The Long, Hot Summer (1958) - Rotten Tomatoes

The Long, Hot Summer (1958)

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While often regarded as one of America's greatest novelists, William Faulkner produced work that did not always translate well to the screen; it's ironically appropriate that this movie, based on several of Faulkner's short stories, is often regarded as one of the best films based on his work, though not especially accurate to the original source material. Ben Quick (Paul Newman), a sullen but self-confident drifter, arrives in a small Mississippi town where his father had a bad reputation as a firebug. Will Varner (Orson Welles), the town's patriarch, still holds a grudge against Quick's dad, and when the young man decides to stay in town and sharecrop on Varner's land, Will goes out of his way to make his life difficult. However, Will develops a grudging respect for Quick's guts and determination, and he wishes that his weak-willed son Jody (Anthony Franciosa) could be more like him; Jody's wife Eula (Lee Remick) happens to agree. In time, Will gets the idea that Quick might be a good match for his daughter Clara (Joanne Woodward) and a better choice to take over his business dealings than Jody. However, neither Clara nor Quick care to be told what to do, and besides, Clara already has a beau -- though Alan Stewart (Richard Anderson) is even more of a milquetoast than Jody and is led by the nose by his mother (Mabel Albertson). However, sparks begin to fly between Clara and Quick, and when Jody fears he may lose his place as heir of Will's estate, he takes drastic action, trapping his father in a barn, setting it on fire, and planting evidence that would suggest that the blaze was Quick's doing. The Long, Hot Summer was the first film that Newman and Woodward made together, and they got married the same year. ~ Mark Deming, Rovi
Rating:
NR
Genre:
Classics , Drama
Directed By:
Written By:
In Theaters:
 wide
On DVD:
Runtime:
Studio:
20th Century Fox

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Cast

Paul Newman
as Ben Quick
Joanne Woodward
as Clara Varner
Orson Welles
as Will Varner
Anthony Franciosa
as Jody Varner
Lee Remick
as Eula Varner
Angela Lansbury
as Minnie Littlejohn
Richard Anderson
as Alan Stewart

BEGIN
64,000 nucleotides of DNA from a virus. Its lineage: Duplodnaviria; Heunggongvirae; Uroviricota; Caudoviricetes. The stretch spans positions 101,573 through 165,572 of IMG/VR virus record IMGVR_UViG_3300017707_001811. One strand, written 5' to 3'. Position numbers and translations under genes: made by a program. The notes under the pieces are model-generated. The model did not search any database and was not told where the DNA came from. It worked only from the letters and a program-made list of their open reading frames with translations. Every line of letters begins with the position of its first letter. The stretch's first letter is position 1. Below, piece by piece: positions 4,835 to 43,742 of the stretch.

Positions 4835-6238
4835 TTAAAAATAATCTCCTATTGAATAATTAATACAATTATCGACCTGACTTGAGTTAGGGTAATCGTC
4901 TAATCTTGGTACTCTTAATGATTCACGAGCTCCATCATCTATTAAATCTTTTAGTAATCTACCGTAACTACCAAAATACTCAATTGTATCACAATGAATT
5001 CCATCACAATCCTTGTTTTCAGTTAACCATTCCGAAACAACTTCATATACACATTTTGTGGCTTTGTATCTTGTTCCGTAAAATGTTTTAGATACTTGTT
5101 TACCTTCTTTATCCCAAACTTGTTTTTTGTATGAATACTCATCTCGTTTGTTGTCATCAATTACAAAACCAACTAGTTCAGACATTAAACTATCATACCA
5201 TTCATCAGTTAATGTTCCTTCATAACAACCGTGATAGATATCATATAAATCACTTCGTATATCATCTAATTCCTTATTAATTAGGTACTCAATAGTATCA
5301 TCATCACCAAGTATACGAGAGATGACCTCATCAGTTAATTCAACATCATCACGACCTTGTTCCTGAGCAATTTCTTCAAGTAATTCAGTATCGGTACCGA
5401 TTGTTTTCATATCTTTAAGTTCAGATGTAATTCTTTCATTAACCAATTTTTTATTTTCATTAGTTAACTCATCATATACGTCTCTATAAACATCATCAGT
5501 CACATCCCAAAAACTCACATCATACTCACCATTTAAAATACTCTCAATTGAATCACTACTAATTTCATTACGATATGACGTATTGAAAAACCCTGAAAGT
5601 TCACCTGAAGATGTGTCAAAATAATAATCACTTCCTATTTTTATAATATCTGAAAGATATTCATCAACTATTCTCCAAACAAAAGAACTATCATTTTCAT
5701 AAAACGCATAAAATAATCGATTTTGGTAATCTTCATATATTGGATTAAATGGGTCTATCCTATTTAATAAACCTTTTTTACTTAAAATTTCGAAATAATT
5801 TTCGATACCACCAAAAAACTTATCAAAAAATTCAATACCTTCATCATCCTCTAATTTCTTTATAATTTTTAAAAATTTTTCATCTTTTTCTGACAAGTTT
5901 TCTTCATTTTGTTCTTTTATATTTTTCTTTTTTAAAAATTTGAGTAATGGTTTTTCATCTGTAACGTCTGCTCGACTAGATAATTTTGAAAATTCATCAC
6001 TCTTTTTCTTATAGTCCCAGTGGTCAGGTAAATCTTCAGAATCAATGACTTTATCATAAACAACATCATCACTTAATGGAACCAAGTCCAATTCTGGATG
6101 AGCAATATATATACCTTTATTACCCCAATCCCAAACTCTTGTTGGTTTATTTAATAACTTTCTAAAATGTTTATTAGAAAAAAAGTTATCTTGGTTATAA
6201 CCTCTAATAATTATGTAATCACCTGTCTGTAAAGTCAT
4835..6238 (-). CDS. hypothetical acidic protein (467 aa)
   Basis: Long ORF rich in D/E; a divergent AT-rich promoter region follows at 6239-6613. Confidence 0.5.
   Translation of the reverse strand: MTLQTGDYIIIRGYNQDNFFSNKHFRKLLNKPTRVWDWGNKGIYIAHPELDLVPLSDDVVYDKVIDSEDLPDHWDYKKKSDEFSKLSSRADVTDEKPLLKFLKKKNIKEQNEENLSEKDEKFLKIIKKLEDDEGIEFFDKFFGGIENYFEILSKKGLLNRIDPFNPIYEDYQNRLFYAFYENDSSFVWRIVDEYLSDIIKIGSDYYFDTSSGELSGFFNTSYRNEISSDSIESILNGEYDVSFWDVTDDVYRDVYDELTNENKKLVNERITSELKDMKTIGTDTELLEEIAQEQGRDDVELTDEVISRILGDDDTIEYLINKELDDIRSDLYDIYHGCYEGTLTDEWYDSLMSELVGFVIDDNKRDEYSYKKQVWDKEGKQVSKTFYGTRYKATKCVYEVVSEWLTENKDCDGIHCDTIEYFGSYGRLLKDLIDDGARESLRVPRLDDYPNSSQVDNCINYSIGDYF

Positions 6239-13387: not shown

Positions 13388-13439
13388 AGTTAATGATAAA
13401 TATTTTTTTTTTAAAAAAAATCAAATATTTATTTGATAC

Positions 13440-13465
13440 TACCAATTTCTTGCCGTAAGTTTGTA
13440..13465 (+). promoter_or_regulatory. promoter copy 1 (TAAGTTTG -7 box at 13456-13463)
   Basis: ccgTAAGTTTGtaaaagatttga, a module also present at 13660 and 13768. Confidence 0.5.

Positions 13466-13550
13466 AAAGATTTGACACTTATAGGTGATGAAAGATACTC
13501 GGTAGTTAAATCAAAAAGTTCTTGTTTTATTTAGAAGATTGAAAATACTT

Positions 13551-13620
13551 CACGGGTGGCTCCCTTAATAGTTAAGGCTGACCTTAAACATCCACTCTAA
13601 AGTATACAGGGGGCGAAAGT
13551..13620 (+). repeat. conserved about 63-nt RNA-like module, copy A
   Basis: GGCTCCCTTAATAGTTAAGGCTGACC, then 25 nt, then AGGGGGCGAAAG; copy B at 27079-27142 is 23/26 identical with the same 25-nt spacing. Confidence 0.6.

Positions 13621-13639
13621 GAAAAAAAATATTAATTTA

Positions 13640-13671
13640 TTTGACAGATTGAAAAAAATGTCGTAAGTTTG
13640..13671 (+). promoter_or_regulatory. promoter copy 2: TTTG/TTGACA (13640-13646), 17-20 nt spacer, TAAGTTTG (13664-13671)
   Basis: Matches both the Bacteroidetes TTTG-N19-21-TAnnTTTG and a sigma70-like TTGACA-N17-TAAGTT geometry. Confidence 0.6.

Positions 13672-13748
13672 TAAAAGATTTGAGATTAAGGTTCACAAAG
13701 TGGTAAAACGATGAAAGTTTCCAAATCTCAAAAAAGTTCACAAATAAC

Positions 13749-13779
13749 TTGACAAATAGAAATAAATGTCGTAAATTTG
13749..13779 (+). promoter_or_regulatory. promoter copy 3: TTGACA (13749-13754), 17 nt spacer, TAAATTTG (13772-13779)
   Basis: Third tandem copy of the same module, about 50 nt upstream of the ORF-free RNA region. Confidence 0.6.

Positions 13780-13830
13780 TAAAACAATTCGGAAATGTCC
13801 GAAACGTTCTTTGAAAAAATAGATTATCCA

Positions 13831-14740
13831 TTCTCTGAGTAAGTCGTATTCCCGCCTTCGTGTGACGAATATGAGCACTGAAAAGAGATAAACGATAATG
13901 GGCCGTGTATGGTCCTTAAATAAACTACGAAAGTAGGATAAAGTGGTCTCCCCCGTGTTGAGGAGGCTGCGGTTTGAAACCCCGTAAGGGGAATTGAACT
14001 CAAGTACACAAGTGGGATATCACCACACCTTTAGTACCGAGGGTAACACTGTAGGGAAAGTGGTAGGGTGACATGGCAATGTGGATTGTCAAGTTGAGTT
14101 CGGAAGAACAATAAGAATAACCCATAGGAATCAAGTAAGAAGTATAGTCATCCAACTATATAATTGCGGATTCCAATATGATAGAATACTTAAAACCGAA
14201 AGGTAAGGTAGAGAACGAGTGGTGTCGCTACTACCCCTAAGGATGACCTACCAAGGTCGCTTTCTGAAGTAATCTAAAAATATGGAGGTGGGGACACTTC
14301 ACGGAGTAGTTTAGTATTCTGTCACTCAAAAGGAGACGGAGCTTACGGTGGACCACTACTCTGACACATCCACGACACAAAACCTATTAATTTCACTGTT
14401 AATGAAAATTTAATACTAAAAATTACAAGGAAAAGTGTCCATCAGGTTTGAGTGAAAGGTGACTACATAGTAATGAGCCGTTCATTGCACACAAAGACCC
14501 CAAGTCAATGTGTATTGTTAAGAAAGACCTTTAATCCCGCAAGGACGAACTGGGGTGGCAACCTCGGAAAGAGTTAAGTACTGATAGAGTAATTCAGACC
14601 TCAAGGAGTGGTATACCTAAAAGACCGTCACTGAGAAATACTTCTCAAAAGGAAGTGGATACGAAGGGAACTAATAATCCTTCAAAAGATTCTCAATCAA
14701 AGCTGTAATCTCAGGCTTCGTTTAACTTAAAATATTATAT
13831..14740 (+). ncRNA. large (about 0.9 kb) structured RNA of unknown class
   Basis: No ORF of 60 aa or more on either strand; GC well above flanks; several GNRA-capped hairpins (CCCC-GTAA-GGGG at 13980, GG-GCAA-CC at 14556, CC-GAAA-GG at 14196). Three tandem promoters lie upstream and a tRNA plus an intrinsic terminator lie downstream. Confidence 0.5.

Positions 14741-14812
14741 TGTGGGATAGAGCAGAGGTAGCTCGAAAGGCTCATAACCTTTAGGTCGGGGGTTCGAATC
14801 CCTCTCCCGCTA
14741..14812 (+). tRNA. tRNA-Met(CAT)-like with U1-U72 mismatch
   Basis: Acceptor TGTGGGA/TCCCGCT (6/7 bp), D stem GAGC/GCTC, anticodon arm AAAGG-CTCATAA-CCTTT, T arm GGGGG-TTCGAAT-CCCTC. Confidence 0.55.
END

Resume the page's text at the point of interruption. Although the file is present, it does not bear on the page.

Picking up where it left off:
Sarah Marshall
as Agnes Stewart
Mabel Albertson
as Mrs. Stewart
Bill Walker
as Lucius
George Dunn
as Peabody
Jess Kirkpatrick
as Armistead
Val Avery
as Wilk
Nicholas T. King
as John Fisher
Lee Erickson
as Tom Shortly
Ralph Reed
as J.V. Bookright
Terry Rangno
as Pete Armistead
Steve Widders
as Buddy Peabody
Jim Brandt
as Linus Olds
Helen Wallace
as Mrs. Houstin
Brian Corcoran
as Harry Peabody
Byron Foulger
as Harris
Victor Rodman
as Justice of the Peace
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Critic Reviews for The Long, Hot Summer

All Critics (16) | Top Critics (5)

Newman's performance as Ben Quick, before the script blunts it, is as mean and keen as a cackle-edge scythe.

Full Review… | October 1, 2008
TIME Magazine
Top Critic

This picture is strikingly directed by Martin Ritt.

Full Review… | January 7, 2008
Variety
Top Critic

The ending is an unconvincing cop out, but it can't spoil the film's compulsive dramatic tension (or a marvellous comic cameo from Angela Lansbury as Welles' long-suffering mistress).

Full Review… | June 24, 2006
Time Out
Top Critic

The Long, Hot Summer starts superbly and ends in a senseless, flabby heap.

Full Review… | March 25, 2006
New York Times
Top Critic

[An] uneasy blend of three Faulkner short stories.

Full Review… | July 4, 2003
Chicago Reader
Top Critic

This small-town family melodrama, a quintessential 1950s film in its themes and tensions, is well acted by Paul Newman, Joanne Woodward, Lee Remick.

Full Review… | June 2, 2011
EmanuelLevy.Com

Audience Reviews for The Long, Hot Summer

½

Was hoping for the same magic that Ritt and Newman conjured up with the absolutely stellar "Hud." Instead, I got a fairly dry love story and a couple hours of Orson Welles mercilessly chewing the scenery.

Reid Volk
Reid Volk

Super Reviewer

½

A small town down south in Mississippi and a bit o'nothing of a man runs into a bit o'nothing of a family, newly well to do: can they rise above their collective class status (redneck) and not kill each other, even learn to love one another? But now I've gone and given away everything. The traveling loner looking for a break is Newman, Big Daddy is Welles (chewing everything in sight), while Woodward, Remick and Lansbury perfect their sugary eye flutters. Fans of the stars will enjoy.

Kevin M. Williams
Kevin M. Williams

Super Reviewer

It's funny that this is an adaptation of William Faulkner because it feels way more like a Tennessee Williams adaptation with all of the same quirks and characters. However, there is considerably less drinking in this so it definitely can't be something connected to Tennessee Williams. There is so much color in this that it is almost hard to fathom at times, being reminiscent of Gone with the Wind in that respect. Paul Newman conquers the screen as Ben Quick. Theoretically you should hate him and what he stands for, but Paul Newman plays him so charming and flawless that you end up loving the guy. Joanne Woodward also gives a great performance and it's one of her best characters next to Carol in The Fugitive Kind. I think everyone can acknowledge that Orson Welles hammed his character up to no end, but failed to steal the show.

Conner Rainwater
Conner Rainwater

Super Reviewer

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